Statistics released by the Jersey Financial Services Commission, as at 31 December 2020, support the trend seen over the past year – that of the continued popularity of the Jersey private fund product alongside the growth of the private equity and venture capital asset classes. For those engaged in the domicile debate and wondering 'why Jersey?', this article sets out some of the key considerations to bear in mind.
Jersey is witnessing a spike in the inflow of private equity fund managers establishing a physical presence on the island. A number of household name fund managers across all asset classes now call Jersey home, with others in advanced stages of planning to follow them into Jersey. What are the principal drivers of this trend?
Complex tax, accounting and employment matters are among those which drive the choice of acquisition structure for private equity-funded transactions. Two common types of private equity acquisition transaction are the leveraged buy-out (LBO) and the management buy-out (MBO). Where an LBO or MBO transaction involves a domestic or international business with a UK-domiciled management team, Jersey acquisition structures have gained traction with UK private equity advisers for numerous reasons.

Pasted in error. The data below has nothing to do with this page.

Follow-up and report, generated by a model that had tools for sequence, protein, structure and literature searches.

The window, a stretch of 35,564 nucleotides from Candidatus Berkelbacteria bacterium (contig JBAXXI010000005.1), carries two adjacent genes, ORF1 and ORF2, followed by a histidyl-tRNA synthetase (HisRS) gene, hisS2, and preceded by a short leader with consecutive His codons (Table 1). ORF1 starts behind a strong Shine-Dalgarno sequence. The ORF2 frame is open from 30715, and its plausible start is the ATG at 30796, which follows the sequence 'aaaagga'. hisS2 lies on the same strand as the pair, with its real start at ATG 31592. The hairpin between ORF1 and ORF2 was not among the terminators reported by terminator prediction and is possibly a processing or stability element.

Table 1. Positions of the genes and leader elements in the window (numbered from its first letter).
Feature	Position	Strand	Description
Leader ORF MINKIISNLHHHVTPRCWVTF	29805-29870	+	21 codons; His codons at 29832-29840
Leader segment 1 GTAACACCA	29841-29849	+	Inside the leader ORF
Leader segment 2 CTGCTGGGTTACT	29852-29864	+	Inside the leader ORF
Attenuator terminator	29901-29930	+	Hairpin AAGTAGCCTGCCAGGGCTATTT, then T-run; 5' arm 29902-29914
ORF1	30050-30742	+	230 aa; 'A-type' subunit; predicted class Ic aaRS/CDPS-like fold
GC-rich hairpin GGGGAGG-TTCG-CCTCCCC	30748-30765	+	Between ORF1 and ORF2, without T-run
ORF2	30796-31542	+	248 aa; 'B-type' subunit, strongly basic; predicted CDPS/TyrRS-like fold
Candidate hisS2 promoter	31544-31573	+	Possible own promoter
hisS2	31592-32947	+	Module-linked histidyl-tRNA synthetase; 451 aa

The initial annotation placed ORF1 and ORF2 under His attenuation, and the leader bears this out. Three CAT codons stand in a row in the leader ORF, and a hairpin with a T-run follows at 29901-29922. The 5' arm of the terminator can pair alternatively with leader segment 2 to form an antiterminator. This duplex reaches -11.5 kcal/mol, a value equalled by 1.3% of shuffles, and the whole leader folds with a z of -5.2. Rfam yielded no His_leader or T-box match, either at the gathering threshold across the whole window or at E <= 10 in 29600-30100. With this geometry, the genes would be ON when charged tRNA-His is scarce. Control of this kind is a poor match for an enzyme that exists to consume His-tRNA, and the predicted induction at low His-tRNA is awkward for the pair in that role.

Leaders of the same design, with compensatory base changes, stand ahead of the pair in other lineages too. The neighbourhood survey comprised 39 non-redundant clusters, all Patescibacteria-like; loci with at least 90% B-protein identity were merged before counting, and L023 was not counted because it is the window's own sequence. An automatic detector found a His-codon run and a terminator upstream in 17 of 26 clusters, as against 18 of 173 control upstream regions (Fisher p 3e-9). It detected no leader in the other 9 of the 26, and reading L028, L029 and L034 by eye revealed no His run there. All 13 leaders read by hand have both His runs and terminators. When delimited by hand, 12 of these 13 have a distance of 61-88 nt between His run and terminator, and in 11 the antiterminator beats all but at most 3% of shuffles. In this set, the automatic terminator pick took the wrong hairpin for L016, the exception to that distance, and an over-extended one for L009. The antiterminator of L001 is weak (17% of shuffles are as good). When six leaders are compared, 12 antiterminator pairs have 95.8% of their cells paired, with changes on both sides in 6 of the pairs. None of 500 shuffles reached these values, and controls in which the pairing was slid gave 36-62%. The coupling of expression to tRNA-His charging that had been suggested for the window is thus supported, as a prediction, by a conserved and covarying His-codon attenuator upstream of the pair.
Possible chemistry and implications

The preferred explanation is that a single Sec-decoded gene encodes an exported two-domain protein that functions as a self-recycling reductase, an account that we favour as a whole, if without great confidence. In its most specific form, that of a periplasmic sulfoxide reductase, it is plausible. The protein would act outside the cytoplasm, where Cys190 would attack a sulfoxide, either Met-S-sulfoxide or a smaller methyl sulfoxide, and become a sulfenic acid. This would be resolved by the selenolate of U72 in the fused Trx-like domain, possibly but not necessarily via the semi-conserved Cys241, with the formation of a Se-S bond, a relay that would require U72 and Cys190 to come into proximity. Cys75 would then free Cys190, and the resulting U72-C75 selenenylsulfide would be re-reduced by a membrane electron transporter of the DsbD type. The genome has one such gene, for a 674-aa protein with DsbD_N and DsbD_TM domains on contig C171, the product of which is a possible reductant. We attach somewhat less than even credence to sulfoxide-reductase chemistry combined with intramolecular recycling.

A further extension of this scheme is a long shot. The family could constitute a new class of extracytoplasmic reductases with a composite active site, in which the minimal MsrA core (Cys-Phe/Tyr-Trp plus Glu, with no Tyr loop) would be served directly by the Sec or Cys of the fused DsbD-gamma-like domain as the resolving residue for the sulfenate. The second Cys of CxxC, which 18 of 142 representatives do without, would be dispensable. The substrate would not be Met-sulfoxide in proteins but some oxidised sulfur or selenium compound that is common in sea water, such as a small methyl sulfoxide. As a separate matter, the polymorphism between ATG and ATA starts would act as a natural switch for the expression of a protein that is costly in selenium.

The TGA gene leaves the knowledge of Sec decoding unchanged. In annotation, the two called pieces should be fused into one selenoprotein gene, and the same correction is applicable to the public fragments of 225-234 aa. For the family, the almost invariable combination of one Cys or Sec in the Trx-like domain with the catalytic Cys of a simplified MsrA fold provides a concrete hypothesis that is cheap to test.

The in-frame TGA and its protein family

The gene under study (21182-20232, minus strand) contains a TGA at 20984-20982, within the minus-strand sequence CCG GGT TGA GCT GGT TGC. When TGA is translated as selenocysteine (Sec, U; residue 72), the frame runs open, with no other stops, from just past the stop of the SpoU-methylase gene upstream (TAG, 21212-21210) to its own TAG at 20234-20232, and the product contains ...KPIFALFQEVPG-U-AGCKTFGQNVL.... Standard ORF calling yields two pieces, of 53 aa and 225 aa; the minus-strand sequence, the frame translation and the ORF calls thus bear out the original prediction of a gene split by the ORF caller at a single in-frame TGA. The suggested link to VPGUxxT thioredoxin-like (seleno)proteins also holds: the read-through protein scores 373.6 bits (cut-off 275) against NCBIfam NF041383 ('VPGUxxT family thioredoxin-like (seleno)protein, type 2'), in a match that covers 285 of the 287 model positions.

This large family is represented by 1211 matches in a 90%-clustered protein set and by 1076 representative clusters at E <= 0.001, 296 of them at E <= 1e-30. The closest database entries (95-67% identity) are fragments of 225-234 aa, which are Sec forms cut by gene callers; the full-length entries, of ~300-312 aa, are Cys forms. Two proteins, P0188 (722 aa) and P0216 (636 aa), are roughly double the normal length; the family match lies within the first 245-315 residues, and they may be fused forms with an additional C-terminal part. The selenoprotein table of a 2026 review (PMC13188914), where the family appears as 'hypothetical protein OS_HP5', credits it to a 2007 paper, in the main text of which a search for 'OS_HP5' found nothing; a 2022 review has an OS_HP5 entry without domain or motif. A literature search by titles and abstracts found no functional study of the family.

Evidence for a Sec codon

In a news cycle that can seem relentlessly gloomy, there are some positive stories to be told and the increased activity in private equity is one of them. This article looks beyond the financial services industry at the wider social and economic benefits of this growth. For instance, private equity is becoming increasingly active in the medical and healthcare sector, which, in turn, has led to a large number of private equity investments in areas such as technology, software and data.
Jersey is long established as a primary centre for the establishment of offshore funds and has been at the forefront of international developments, which have attracted international sponsors, promoters, fund managers, advisers and investors. One of the key features of Jersey's fund industry is the flexibility and range of structures and corresponding regulatory and commercial approaches that can be used for funds.